The Trickster Prince

Matt Houlbrook: mobile historian; beard growing, head shaving; occasional cycling.

Is the history of sexuality dead?

What is the history of sexuality? The field has grown exponentially over the past two decades, acquiring the trappings of academic respectability — conferences, journals, monograph series, tenured posts — and becoming a staple of undergraduate curricula. Despite these centripetal forces, however, I increasingly wonder whether the historical project that seeks to understand how sex and sexuality have been constituted, experienced, and regulated in the past is on the brink of incoherence. This is not about prescribing a disciplinary singularity of method, practice or subject: much of the field’s vitality come from its pluralism. At the same time, there seems a growing dissonance between divergent strands of enquiry. On the one hand, vibrant and often politicized social historical scholarship has taken up the sexological impulse to chart past behaviors and attitudes. On the other hand, explicitly queer or feminist critical histories — often generically characterized as “Foucauldian” — seek to historicize and problematize regimes of sexual difference and “normality” and the notion of “sexuality” itself. There has been fantastic work at the interstices of these projects, yet more than ever historians of sexuality seem to be talking about different things.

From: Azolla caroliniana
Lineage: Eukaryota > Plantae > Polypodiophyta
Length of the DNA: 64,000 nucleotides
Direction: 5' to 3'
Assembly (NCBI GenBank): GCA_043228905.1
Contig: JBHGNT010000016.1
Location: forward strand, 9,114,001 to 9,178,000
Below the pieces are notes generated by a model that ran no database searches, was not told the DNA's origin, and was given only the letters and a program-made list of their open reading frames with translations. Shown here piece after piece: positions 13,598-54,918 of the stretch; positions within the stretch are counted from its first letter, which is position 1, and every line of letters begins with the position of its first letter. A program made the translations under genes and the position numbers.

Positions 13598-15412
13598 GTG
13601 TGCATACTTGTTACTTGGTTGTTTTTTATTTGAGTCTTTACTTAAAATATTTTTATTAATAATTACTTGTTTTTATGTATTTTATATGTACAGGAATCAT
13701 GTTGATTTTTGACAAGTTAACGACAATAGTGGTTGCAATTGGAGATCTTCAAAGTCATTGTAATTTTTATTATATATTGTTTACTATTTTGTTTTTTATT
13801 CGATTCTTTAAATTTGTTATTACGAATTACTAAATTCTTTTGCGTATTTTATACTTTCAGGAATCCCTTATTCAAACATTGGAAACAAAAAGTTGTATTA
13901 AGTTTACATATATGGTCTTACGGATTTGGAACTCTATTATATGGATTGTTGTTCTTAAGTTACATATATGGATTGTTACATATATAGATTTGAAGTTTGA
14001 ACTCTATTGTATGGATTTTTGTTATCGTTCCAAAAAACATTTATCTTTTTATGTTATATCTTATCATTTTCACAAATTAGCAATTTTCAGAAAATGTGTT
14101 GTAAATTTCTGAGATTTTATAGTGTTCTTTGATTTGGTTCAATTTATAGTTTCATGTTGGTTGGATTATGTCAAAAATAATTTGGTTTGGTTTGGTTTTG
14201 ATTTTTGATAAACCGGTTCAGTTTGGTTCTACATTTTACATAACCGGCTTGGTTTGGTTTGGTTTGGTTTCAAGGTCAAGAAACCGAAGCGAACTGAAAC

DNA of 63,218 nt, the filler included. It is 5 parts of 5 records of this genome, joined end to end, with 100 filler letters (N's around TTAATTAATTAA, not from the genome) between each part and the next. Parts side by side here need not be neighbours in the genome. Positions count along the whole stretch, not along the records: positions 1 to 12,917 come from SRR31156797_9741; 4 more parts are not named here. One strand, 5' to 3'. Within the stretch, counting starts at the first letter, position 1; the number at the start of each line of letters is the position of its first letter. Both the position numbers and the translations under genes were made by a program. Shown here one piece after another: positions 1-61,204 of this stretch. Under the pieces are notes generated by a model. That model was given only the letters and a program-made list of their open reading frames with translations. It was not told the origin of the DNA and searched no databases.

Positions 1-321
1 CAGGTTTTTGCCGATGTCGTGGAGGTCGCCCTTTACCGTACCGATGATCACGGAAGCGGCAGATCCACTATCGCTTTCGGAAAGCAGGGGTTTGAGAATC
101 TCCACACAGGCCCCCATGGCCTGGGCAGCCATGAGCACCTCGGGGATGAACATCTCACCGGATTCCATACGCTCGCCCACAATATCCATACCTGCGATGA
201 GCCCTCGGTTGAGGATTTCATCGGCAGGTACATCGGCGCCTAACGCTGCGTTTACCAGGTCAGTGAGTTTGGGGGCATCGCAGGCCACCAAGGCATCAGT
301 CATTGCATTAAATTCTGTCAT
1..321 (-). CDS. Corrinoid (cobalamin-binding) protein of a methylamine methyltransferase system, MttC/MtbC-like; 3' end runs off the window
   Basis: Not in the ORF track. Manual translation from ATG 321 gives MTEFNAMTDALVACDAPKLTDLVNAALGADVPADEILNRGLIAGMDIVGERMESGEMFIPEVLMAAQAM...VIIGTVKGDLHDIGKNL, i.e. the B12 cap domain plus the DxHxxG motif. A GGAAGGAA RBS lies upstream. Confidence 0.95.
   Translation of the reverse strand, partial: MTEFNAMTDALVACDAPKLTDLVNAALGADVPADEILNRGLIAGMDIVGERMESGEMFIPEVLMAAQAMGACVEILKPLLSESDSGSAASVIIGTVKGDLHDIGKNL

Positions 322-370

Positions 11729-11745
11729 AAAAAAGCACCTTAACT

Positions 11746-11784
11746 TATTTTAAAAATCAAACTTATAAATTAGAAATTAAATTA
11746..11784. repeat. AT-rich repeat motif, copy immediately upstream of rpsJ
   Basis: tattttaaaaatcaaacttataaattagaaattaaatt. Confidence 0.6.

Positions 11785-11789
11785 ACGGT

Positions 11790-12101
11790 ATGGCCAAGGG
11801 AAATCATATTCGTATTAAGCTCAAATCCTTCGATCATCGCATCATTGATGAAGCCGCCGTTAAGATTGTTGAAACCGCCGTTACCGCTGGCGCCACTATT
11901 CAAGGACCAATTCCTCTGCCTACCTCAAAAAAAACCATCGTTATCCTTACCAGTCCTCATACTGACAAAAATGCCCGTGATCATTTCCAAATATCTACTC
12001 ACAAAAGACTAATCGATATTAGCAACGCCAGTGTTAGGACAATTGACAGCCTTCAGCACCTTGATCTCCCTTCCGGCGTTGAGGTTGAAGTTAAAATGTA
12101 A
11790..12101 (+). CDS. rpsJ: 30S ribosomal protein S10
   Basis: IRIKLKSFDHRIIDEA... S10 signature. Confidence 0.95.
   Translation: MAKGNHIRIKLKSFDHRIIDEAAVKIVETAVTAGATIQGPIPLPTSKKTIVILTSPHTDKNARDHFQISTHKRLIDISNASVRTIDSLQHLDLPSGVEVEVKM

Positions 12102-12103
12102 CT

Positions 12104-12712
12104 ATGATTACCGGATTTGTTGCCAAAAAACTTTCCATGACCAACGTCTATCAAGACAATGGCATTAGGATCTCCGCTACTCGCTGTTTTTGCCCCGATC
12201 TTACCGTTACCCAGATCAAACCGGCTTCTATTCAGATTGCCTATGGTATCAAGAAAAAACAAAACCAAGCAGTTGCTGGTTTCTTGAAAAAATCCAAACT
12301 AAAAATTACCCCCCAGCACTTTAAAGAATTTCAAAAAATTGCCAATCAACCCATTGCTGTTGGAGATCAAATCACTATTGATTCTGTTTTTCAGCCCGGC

3 comments on “Is the history of sexuality dead?

  1. Tim McGovern (@herdingbats)
    January 7, 2014

    D’you think it’s possible that we’ll see a bifurcation like in linguistics, where you’ve got data/modeling/computational (analogous to the wie es eigentlich gewesen school) and the philosophy-of-language types?

  2. The Trickster Prince
    January 7, 2014

    I wonder if that is where we are (and have been for a while now): I think of the conversations that reoccur on Hist-Sex or the tensions between the work of Laura Doan and Sharon Marcus and the kind of recovery histories that still dominate the field in the UK at least. Curious whether it’s something you’ve picked up on in your lists.

  3. Pingback: Incoherent or Invigorated? The History of Sexuality | Notches: (re)marks on the history of sexuality

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